No, I Won’t Read Your STAR WARS Think Piece

I love Star Wars. Just sitting within my line of sight are three Star Wars comic books, two Wookie Cookie cookbooks, and one X-Wing made out of LEGO. Oh, let’s not forget the Blu-Ray box set sitting next to the TV. As you can imagine, I’m throughly looking forward to the new movie. Like every self-respecting fanboy I spent three hours the other day fighting with Fandango’s servers to buy tickets. But when it comes to the film itself, I don’t want to know anything about it.

When JJ Abrams was announced as the director of Star Wars Episode VII, I created Twitter mute filters for “Star Wars” and “The Force Awakens.” I’ve attempted to go on a complete Star Wars media blackout. It’s been pretty easy over the last year and a half, but as we start to get closer, especially with the latest full length trailer, it’s becoming very difficult to avoid.

Don’t get me wrong, I soaked up every wonderful minute of the new trailer. But I only watched it once. I don’t want to over analyze or really know anything more going into the theater.

I’m a huge fan of JJ Abrams and his ability to keep secrets. If anyone can keep everything about this film on lock down, I’m sure it’s him. But the truth is, I don’t trust myself. I know that if I read some think piece or someone’s fan theory then their idea will gnaw at my brain to the point that all of my expectations of the film will reside on that one thing. I don’t want that to happen.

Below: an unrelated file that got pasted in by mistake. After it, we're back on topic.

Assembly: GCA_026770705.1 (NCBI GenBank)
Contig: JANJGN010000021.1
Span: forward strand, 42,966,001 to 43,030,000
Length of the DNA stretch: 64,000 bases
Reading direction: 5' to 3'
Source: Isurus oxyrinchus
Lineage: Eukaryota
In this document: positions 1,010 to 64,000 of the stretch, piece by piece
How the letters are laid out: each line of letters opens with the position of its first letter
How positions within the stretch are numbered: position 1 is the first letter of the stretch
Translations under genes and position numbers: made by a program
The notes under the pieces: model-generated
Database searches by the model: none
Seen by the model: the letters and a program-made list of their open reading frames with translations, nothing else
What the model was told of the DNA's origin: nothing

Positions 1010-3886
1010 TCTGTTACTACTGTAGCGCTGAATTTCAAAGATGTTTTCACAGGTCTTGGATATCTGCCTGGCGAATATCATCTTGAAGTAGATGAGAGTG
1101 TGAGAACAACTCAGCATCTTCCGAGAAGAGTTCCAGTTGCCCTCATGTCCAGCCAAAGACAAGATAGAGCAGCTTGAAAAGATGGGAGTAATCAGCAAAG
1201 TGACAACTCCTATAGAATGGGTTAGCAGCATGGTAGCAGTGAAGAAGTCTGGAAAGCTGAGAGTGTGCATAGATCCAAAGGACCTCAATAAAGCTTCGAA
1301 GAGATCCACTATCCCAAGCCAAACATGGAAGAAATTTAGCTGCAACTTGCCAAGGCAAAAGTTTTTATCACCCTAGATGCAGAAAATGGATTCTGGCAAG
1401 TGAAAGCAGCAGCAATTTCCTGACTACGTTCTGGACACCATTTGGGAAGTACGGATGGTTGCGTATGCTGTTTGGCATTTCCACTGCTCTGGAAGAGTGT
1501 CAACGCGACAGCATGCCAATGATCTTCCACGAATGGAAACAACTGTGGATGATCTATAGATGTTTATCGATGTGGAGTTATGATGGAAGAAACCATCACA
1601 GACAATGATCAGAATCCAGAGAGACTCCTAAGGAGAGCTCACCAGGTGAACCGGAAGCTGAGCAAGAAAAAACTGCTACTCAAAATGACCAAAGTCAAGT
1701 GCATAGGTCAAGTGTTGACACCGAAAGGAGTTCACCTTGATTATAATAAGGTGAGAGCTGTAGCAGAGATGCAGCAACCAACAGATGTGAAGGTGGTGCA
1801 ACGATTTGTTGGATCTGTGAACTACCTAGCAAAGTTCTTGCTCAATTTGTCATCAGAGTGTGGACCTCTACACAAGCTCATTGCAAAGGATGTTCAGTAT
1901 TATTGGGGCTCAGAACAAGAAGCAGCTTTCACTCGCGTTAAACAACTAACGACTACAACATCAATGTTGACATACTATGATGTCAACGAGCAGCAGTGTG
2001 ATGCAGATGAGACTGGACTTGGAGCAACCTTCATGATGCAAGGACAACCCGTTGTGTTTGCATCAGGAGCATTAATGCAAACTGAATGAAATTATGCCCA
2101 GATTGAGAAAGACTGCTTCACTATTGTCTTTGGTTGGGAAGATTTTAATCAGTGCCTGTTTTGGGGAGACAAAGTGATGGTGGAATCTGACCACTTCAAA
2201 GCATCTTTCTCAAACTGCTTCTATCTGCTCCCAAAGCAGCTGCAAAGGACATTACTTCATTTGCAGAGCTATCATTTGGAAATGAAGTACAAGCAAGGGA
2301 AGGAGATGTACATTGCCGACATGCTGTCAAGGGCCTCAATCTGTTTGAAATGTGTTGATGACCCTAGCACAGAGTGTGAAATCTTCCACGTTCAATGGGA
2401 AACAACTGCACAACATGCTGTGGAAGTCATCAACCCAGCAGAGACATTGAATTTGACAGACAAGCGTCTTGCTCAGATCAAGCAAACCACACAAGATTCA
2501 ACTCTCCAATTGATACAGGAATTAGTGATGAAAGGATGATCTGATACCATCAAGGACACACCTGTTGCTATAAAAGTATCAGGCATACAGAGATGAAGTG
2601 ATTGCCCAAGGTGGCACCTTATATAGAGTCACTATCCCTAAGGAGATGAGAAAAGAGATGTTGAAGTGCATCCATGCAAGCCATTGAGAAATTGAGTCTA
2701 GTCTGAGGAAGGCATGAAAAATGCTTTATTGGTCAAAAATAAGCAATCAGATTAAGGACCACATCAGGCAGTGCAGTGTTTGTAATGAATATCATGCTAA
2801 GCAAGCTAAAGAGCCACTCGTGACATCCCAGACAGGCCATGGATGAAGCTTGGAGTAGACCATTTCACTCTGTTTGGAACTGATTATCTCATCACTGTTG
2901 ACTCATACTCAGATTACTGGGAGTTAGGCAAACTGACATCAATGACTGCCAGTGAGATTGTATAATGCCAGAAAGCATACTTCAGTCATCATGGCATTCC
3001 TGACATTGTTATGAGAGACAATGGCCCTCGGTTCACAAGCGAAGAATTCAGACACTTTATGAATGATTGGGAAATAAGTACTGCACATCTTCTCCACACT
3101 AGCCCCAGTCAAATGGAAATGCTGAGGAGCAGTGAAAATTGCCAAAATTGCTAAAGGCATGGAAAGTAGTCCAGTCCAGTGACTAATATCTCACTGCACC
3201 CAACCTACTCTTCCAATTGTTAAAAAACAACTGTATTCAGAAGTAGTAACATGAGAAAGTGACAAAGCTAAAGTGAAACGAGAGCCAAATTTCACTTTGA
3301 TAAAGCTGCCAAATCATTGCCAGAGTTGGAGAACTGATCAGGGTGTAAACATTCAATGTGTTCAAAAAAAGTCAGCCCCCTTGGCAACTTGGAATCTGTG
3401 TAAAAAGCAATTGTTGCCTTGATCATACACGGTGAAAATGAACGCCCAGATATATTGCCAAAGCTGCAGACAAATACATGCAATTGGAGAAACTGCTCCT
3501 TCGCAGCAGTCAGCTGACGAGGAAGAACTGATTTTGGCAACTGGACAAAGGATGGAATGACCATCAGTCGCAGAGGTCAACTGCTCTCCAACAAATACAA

Years ago JJ Abrams wrote an article for Wired Magazine about the nature of surprise. He asserts that things have become too easy with the internet. We’re able to find solutions to video games and discover movie plot lines before we even buy a ticket… the mystery of the art has been removed.

But the real damage isn’t so much that the secret gets out. It’s that the experience is destroyed. The illusion is diminished. Which may not matter to some. But then what’s the point of actually seeing that movie or episode? How does knowing the twist before you walk into the theater — or what that island is really about before you watch the finale — make for a richer viewing experience?

I agree with JJ Abrams. If I stumble onto someone’s fan theory or think piece in my feed here on Medium (which doesn’t allow mute filters), I don’t want to be tempted to read their ideas. I don’t want my experience with Star Wars to be ruined by preconceived ideas, especially ones created by someone else. I want to experience the film the way I expect JJ would prefer: with a background of the original six films and nothing else.

I’ve only got two months to go…